HORRY COUNTY, S.C. (WBTW) – State health leaders say immunization rates are low among children and teenagers. It’s not just the COVID-19 vaccine officials are looking at, it’s also common childhood vaccines.
With the school year around the corner, DHEC officials said kids across the state are not up to date when it comes to vaccines and that can lead to more viral outbreaks.
DHEC officials urge parents to stay up-to-date with their children’s routine vaccines for diseases like measles and influenza. They also urge you get vaccines that protect against hepatitis and tetanus. Medical experts said the big drop in childhood immunizations started because of the pandemic, when parents delayed taking their children for routine medical visits and skipping immunizations.
Medical experts added while there are still plenty of children coming down with COVID-19, they are also seeing children developing other respiratory illnesses. They also said children behind on immunizations will lower herd immunity.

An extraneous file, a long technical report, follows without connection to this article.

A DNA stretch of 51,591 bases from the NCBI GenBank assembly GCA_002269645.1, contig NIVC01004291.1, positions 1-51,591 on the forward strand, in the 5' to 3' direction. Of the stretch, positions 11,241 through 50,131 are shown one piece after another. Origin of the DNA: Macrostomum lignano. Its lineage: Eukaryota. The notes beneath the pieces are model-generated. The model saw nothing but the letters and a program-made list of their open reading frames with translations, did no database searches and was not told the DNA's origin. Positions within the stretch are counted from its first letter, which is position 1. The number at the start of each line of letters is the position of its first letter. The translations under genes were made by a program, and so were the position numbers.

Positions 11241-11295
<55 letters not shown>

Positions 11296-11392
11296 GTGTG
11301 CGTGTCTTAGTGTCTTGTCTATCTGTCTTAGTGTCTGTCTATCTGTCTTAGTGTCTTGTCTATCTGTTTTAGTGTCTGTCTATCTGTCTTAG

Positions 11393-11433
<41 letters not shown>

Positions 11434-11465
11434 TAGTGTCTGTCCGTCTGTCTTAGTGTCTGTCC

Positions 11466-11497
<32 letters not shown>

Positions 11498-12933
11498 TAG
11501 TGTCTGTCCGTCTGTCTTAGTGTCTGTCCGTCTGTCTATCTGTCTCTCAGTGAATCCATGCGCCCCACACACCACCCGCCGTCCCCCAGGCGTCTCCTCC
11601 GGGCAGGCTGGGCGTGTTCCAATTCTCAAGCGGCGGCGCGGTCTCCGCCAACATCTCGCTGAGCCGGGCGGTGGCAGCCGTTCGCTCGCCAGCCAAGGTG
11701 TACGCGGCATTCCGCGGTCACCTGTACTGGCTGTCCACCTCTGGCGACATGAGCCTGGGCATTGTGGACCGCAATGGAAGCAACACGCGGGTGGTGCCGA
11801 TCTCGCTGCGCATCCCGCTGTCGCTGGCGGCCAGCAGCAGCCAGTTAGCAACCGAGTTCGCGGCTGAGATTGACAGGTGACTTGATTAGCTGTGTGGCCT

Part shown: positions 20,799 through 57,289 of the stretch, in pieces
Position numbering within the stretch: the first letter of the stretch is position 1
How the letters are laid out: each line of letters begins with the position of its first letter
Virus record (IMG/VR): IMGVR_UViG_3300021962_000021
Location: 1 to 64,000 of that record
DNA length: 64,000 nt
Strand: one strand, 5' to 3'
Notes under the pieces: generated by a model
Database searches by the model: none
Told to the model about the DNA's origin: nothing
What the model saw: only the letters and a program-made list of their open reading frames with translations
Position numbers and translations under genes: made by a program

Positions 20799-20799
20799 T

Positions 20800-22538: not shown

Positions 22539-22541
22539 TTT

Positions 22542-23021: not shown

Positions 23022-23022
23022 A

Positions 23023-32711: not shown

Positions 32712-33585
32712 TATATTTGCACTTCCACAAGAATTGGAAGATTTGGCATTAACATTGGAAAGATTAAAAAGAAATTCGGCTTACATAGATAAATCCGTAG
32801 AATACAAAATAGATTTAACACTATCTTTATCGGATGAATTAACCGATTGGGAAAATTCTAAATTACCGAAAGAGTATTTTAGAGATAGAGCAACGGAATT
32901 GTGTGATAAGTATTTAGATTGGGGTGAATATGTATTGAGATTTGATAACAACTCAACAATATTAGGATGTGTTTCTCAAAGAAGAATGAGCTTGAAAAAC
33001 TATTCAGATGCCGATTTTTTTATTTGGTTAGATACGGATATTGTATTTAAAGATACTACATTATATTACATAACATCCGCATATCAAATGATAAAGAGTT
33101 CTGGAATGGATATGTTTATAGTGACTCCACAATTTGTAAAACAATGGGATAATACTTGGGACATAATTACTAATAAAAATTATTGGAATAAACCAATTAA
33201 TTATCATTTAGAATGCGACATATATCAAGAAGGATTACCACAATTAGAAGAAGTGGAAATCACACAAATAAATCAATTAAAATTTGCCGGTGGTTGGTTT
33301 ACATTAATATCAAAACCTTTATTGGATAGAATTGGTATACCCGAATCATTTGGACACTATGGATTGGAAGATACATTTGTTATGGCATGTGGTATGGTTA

“More importantly children before they start Kindergarten, the 4-year-old have to have the tetanus, and before they go to 7th grade they have to have a different tetanus shot. Have to have fully documented that they are up to date,” Dr. Mark Bahan with Conway Medical Center said.
DHEC officials said staying up-to-date with immunizations can protect people and children from many different diseases and certain types of cancer.
With school starting up again in a couple of weeks, outbreaks of diseases like measles are more likely to spread among children who aren’t up to date on their vaccinations. Because of scientifically developed vaccines, many deadly and severe diseases are no longer a serious threat.
The CDC recommends people get certain immunizations at certain times in their lives to protect them from those illnesses. Dr. Bahan said at the start of the pandemic, he saw fewer parents and children in his office.
“Obviously over COVID, some people are falling a little behind and we are very busy dealing with shots and vaccines in the 4 and 12-year-old’s. Now, our office is flooded with patients doing it,” Dr. Bahan said.
As for the COVID-19 vaccine, medical professionals say misinformation on social media has played a role in low vaccination numbers. It’s best to rely on credible sources like DHEC and the CDC for accurate information about any vaccine.